Three storey basement in Hampstead refused over damage fears

The existing house in Maresfield Gardens. Picture: Nigel Sutton

The existing house in Maresfield Gardens. Picture: Nigel Sutton - Credit: Nigel Sutton

Controversial proposals to build a vast basement extension the size of two double decker buses beneath a house in Hampstead have been refused after councillors voiced concern that the excavation could damage neighbouring homes.

The basement would have been the height of two double decker buses

The basement would have been the height of two double decker buses - Credit: Archant

The existing 1950s house in Maresfield Gardens, Frognal – currently only a single storey high at street level – would have been demolished to make way for a contemporary “sunken” house, with three underground levels if plans had won approval.

The subterranean development was 19 metres long at its widest point and would have stretched 9.6 metres underground, the height of two double decker buses. A swimming poll would have been built on the lowest basement floor.

But permission was refused by Camden Council’s planning committee on Thursday May 23 after eight of 11 councillors present voted against the plans.

Neighbour Lilly Sahni, said she was “extremely relieved” by the decision.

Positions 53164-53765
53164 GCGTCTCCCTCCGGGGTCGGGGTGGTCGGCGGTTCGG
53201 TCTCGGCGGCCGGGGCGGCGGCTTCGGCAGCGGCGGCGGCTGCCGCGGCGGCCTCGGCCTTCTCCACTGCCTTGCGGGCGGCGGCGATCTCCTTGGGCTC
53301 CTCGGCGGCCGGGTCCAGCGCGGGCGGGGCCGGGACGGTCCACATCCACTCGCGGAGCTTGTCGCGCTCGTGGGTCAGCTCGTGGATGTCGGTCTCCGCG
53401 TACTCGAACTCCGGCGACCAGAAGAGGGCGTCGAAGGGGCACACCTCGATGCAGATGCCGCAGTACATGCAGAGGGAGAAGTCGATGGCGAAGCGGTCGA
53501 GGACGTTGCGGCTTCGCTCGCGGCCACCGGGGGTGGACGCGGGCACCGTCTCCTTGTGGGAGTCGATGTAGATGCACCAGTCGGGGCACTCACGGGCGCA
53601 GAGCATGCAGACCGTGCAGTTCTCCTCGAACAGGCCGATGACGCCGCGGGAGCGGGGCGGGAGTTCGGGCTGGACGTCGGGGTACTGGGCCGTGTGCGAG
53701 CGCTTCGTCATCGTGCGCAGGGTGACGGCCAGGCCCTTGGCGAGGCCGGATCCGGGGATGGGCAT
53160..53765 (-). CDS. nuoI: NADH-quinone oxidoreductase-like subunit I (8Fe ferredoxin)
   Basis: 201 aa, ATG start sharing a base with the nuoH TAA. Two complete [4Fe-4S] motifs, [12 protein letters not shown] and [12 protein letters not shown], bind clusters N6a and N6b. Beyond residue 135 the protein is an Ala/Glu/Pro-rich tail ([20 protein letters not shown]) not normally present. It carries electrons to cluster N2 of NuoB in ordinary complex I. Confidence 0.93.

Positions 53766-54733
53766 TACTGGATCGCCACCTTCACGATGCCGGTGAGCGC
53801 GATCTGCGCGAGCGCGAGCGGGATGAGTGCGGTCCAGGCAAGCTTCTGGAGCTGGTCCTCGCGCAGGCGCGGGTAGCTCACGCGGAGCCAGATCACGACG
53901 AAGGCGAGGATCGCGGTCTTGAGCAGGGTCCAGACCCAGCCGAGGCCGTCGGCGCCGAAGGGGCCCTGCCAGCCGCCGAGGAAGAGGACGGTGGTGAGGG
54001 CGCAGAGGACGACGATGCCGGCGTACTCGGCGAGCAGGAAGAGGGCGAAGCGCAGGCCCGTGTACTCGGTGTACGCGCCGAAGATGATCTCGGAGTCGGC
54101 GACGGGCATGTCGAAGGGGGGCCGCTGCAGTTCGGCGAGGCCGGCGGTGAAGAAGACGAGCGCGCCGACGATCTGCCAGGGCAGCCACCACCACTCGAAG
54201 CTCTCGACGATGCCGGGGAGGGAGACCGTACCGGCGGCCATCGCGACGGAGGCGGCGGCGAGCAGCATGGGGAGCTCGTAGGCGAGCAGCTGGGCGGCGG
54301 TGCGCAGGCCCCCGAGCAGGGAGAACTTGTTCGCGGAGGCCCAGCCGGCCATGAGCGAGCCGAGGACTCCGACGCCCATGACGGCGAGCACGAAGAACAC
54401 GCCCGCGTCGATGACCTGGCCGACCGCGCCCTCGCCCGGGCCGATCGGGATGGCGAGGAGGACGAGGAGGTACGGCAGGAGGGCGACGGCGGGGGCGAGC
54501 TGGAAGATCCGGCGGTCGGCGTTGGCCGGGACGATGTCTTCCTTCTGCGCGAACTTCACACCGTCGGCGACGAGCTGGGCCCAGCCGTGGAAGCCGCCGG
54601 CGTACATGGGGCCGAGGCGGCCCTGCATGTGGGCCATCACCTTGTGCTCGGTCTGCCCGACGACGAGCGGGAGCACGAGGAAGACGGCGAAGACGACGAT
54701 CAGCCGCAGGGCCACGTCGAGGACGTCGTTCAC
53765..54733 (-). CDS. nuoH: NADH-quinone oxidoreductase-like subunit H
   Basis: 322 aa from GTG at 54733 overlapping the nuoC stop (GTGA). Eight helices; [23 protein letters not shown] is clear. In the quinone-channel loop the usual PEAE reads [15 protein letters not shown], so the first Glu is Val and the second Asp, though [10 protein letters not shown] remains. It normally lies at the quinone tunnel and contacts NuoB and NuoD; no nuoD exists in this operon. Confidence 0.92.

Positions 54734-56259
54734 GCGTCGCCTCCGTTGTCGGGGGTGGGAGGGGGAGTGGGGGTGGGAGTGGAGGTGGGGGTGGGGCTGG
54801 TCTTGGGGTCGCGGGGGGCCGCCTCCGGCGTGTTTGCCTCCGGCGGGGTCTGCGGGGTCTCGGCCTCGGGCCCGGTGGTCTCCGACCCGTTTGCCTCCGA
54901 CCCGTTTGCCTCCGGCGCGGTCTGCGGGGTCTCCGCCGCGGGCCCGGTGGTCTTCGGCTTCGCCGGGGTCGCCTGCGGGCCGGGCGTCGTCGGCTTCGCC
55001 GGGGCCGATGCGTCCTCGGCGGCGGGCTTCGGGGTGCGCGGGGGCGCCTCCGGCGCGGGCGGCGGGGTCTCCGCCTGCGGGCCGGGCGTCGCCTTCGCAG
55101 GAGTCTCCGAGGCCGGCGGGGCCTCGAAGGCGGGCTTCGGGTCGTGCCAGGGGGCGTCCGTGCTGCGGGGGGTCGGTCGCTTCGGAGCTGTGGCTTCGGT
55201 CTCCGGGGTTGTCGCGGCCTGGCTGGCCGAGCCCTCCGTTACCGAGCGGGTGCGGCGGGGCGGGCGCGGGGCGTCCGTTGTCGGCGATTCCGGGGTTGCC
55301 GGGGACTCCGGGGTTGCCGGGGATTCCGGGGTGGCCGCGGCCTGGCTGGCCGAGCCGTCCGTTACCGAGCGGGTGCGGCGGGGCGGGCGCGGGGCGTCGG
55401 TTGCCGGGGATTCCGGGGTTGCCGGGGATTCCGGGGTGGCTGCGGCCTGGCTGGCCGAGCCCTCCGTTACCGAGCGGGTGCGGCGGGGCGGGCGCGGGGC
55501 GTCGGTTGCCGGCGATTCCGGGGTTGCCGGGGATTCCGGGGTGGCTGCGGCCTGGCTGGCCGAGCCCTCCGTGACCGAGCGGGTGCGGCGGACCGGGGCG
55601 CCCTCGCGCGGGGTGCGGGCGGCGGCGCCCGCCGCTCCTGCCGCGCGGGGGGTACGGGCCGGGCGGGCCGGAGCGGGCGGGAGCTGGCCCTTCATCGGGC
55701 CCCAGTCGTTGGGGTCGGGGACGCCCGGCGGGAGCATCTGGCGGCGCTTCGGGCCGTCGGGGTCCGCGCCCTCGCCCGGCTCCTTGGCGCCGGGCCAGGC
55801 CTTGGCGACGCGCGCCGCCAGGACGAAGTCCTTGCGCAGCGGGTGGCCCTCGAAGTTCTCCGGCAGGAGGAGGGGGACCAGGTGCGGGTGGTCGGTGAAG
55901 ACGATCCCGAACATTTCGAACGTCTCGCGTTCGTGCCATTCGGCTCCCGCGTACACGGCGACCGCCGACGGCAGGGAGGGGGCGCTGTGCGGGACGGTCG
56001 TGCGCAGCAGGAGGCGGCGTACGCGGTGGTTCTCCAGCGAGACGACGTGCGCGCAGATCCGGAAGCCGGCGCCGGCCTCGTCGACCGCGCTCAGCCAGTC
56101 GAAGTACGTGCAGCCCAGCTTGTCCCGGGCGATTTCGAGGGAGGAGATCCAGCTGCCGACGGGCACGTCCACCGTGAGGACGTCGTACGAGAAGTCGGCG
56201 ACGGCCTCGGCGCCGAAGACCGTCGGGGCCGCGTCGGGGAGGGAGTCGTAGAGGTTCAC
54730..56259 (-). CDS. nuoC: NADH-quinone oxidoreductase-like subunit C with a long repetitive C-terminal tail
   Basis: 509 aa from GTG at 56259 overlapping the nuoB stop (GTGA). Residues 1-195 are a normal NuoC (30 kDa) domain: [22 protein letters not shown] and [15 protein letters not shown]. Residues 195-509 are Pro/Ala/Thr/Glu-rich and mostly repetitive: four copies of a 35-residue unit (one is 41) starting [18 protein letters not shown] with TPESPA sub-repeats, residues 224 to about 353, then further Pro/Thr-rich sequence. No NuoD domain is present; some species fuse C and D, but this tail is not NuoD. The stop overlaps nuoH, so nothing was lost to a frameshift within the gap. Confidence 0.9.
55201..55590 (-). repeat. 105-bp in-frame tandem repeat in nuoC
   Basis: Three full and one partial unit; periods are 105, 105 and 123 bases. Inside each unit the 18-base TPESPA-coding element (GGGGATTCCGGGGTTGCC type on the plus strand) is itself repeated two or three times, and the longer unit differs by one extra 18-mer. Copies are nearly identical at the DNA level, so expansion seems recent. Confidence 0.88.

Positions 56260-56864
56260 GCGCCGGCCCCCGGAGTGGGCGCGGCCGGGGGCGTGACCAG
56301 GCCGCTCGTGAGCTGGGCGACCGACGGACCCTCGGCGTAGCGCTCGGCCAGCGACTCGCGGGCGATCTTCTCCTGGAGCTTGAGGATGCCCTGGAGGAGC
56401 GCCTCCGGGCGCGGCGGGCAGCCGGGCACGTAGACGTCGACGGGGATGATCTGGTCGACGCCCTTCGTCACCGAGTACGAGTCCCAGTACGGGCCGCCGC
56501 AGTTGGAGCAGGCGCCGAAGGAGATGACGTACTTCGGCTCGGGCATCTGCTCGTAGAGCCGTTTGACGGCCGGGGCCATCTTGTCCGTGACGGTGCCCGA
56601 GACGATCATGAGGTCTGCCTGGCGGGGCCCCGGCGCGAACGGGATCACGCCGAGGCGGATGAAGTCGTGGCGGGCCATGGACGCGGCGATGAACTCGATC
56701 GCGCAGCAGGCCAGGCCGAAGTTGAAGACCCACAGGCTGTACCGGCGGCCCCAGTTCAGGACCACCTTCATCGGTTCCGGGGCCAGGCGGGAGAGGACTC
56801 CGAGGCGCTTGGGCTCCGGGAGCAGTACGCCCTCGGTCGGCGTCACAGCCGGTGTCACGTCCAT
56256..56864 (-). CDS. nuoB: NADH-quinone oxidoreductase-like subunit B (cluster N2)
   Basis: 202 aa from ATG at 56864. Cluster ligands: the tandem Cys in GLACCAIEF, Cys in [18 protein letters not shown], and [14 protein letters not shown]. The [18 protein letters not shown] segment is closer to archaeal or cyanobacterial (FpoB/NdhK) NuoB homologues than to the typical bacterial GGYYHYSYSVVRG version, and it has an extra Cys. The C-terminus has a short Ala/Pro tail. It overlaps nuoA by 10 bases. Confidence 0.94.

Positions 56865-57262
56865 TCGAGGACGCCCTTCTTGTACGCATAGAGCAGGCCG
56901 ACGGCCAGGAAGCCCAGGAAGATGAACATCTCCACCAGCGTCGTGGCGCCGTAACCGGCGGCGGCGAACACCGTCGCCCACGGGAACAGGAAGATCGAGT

But she warned: “I don’t think the problem is going to go away.

“I feel that the council is going to have to do something about their present policy on deep basements.

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“My worst fear was that the house in the middle of the terrace would have caved in if the plans had gone ahead.”

Cllr Gio Spinella, who represents Frognal and Fitzjohn’s ward, said: “The basement was definitely one of the deepest I have seen for planning permission.

“People have a right to improve their homes but we are in central London and you have to take into account the people around you.

“The house was the third in a terrace of three and shares walls with the other houses. The plans would have called for extensive work.”

More than 30 people objected in writing to the plans and a letter sent by the Heath and Hampstead Society said digging three storeys underground was “outrageous” and the “depth of the basement was excessive”.

Planning committee member Cllr Sue Vincent said at the meeting she was “incredibly uncomfortable with the underground development” and expressed concern about the potentially “severe impact on neighbours”.

Permission for the luxury home was granted by Camden Council in 2007 and again in 2008 after changes were made to designs, but the approval expired in 2011.

Owners Stephanie Drews and Colin Rowat, of Campayne Gardens, West Hampstead, made no changes to the existing property during this time.

Cllr Flick Rea, on the planning committee, said the present council would not have approved the 2007 plans and that the basement was simply “too big”.

The Ham&High was unable to contact either Ms Drews or Mr Rowat for comment.